on the phone called the Spot. Once all the people and content are in the Spot to share, the
consumer can choose how to share, and start broadcasting.

Your Phone, on the Web

KIN Studio is your phone online. Almost everything created on the phone is available in the
cloud from any Web browser. Photos and videos are freed from the confines of the phone
and presented in an online visual timeline so they are easy to view and share. The KIN
Studio automatically backs up texts, call history, photos, videos and contacts, and populates
a personalized digital journal so it’s easy to go back in time to relive a crazy weekend or
recent birthday. And the KIN Studio gives customers tons of storage to keep all those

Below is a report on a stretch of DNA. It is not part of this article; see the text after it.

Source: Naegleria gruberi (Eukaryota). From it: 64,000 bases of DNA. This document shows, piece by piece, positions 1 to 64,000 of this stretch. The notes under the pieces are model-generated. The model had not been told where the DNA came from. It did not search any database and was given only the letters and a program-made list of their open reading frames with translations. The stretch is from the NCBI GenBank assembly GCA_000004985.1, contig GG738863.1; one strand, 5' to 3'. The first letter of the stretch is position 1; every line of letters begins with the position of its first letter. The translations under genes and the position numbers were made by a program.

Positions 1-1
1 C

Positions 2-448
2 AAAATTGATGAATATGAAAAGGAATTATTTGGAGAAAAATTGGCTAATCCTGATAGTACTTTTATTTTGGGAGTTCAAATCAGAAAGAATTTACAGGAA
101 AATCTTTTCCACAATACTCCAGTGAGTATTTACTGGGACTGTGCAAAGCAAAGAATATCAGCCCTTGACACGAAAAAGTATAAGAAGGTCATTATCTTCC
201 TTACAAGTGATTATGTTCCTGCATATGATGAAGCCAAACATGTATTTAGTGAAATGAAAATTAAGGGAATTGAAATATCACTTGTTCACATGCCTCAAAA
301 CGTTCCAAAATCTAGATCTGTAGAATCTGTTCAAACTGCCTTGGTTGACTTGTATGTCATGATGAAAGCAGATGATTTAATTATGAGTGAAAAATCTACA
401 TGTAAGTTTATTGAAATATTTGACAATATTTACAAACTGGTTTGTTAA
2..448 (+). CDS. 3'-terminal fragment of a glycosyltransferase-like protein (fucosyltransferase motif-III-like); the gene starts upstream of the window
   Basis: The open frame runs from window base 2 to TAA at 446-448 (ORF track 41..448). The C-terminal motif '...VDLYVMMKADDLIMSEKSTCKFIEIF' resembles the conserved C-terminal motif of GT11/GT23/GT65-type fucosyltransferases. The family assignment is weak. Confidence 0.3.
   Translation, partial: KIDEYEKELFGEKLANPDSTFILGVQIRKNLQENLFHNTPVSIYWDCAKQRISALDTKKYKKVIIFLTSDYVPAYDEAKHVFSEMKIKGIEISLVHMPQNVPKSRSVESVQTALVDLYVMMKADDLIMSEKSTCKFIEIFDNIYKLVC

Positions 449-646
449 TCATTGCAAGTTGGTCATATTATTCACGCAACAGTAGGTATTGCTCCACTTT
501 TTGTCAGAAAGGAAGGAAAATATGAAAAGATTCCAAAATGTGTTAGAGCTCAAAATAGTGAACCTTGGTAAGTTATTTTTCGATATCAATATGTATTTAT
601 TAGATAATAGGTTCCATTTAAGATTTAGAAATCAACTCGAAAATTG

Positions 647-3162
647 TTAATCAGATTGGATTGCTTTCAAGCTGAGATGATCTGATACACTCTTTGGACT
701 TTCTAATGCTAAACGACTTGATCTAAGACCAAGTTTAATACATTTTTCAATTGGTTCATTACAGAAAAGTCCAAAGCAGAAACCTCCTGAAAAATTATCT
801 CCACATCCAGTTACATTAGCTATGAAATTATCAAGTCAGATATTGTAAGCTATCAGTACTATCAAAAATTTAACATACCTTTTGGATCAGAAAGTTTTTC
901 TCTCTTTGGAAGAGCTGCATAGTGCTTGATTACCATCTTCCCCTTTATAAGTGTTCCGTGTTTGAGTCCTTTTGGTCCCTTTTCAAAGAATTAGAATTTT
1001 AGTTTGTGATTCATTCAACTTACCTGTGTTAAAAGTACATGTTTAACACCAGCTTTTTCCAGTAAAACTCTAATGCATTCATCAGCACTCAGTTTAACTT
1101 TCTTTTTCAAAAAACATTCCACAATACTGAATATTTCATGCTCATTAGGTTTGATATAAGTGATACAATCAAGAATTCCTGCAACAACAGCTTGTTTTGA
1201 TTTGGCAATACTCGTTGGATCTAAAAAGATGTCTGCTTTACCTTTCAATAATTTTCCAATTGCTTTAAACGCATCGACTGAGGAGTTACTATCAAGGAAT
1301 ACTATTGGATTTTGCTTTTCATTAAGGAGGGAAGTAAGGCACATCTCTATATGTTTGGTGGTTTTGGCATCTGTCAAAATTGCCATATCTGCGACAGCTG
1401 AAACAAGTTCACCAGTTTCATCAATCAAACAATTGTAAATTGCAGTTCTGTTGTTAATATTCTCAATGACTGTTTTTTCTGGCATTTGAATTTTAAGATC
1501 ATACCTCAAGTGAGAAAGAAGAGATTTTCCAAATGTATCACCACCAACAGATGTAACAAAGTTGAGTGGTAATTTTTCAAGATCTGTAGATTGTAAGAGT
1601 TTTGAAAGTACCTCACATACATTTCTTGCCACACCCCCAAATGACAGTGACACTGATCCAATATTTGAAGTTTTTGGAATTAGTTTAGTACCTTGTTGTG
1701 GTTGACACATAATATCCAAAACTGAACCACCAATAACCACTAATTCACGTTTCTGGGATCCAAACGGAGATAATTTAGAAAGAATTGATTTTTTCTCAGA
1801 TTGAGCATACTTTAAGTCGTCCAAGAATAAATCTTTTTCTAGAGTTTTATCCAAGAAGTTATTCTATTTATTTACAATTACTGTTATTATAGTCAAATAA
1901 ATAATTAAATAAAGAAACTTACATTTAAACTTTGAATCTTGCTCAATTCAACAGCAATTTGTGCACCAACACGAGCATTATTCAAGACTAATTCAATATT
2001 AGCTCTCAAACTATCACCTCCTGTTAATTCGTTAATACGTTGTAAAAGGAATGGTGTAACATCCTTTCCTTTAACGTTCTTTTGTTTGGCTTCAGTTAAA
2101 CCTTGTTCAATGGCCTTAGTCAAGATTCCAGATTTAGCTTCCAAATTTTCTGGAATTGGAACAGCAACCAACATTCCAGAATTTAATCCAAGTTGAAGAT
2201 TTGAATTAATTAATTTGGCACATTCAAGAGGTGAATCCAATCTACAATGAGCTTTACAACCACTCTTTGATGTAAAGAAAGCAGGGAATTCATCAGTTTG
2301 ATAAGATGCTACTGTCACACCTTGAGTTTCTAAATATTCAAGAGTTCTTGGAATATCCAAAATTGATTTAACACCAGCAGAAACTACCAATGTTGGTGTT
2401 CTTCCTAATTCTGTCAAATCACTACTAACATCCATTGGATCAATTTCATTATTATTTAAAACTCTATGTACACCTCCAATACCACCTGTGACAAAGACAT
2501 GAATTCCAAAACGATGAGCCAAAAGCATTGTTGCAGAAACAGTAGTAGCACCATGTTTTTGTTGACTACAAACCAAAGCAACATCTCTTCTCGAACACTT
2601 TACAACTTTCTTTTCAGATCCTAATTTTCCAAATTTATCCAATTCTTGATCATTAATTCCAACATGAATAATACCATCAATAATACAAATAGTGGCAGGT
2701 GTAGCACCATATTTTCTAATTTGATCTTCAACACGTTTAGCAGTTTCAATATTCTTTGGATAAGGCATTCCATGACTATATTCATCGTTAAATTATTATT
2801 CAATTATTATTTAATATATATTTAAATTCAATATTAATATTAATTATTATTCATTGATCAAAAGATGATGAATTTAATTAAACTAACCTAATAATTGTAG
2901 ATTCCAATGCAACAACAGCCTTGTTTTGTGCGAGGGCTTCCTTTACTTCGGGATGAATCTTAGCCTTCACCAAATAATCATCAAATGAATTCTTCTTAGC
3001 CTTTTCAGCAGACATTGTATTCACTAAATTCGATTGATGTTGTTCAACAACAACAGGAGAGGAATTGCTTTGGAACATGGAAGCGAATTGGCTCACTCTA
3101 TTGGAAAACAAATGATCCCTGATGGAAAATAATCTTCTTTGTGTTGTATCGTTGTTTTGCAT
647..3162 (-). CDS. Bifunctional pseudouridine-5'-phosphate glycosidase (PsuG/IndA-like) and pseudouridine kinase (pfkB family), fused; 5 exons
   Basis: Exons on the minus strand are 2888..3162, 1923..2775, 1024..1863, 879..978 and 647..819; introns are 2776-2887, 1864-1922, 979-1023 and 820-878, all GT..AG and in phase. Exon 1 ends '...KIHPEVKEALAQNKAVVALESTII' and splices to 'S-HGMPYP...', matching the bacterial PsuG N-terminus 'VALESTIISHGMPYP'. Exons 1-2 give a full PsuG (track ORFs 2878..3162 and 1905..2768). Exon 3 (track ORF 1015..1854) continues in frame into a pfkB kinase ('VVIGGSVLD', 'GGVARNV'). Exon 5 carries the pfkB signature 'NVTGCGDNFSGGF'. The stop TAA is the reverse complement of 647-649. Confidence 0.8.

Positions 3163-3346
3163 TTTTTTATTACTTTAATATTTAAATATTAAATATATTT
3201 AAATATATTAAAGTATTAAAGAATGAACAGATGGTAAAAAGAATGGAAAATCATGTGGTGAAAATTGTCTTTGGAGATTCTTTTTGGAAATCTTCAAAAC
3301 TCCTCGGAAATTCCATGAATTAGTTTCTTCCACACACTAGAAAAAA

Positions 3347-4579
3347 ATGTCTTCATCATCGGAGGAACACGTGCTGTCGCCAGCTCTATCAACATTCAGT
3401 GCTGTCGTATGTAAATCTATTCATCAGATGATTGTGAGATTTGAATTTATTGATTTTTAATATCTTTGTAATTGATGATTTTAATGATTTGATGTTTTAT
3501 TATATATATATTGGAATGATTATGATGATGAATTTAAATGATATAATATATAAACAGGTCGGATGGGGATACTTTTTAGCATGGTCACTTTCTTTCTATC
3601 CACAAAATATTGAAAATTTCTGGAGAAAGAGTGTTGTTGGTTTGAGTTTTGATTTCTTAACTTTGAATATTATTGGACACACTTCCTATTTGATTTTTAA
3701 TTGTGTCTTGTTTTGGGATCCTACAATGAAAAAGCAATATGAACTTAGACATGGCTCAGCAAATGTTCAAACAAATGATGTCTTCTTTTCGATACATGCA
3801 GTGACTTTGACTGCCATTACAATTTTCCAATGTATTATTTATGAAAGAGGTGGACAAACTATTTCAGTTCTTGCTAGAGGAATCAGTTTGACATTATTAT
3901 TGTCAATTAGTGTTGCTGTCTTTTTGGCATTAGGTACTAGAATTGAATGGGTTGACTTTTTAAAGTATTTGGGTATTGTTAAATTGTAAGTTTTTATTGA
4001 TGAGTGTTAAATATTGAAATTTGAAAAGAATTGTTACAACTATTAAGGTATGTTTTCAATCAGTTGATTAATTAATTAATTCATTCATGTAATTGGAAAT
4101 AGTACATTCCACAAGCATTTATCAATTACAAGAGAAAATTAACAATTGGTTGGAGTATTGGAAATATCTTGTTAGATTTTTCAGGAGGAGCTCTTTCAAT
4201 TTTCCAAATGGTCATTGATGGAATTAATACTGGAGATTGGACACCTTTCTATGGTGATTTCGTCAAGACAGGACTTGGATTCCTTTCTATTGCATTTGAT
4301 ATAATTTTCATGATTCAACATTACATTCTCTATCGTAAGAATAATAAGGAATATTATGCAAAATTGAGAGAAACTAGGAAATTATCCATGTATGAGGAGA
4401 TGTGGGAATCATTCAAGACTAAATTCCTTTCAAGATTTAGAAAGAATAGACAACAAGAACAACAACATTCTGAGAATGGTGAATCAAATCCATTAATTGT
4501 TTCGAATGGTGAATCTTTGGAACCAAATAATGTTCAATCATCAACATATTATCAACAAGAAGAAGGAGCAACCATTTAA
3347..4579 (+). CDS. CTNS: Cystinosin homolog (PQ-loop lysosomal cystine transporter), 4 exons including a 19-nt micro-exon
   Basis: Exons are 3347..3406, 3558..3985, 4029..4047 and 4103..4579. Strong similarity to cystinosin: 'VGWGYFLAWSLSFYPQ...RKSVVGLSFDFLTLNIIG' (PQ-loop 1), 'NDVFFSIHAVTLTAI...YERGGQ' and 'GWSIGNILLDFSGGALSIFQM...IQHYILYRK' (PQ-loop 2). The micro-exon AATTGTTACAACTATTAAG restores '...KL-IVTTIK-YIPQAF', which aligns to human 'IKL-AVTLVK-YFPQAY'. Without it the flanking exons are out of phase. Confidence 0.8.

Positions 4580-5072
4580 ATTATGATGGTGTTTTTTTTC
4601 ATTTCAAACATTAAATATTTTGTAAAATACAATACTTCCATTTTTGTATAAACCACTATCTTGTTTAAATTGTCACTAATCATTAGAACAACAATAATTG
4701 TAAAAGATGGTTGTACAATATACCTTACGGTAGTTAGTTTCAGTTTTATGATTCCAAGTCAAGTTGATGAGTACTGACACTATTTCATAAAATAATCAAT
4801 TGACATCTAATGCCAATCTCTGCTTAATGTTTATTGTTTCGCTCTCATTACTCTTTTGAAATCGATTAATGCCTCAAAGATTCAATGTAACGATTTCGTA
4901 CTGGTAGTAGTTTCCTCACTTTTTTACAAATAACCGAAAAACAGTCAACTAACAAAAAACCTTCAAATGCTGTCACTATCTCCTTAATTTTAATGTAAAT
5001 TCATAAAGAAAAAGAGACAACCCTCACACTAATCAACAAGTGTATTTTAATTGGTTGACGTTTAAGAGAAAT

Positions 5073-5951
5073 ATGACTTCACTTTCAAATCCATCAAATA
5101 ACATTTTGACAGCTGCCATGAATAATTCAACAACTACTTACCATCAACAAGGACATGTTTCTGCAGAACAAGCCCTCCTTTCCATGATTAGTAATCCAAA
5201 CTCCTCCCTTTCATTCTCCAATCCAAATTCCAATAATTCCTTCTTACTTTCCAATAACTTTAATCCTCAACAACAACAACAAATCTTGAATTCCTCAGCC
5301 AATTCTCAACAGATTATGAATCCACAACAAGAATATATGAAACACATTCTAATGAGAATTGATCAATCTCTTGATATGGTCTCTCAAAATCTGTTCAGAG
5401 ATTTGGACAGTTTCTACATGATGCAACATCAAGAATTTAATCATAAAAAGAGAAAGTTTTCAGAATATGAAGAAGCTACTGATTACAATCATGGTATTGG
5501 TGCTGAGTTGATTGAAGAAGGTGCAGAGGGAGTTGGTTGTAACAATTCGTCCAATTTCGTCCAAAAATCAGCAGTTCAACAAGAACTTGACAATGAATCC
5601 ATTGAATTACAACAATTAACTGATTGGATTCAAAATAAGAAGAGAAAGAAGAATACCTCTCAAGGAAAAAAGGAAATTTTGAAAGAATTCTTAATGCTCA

photos, videos, contacts and texts so they’ll never run out of space on their phone and lose a

Music and More

KIN will be the first Windows Phone to feature a Zune experience — including music, video,
FM radio and podcast playback. With a Zune Pass subscription, customers using Zune
software on their PC can listen to millions of songs from Zune Marketplace on their KIN while
on the go, or load their personal collection. KIN also has other features customers want in a
phone including a rich browser with the ability to share pieces of the Web, local and Web
search by Bing, and an RSS feed reader to pull down information on people and stories from
the Web.

More information and a complete fact sheet on KIN are in the Microsoft News Center

Founded in 1975, Microsoft (Nasdaq “MSFT”) is the worldwide leader in software, services
and solutions that help people and businesses realize their full potential.

Note to editors: For more information, news and perspectives from Microsoft, please visit the
Microsoft News Center at Web links, telephone numbers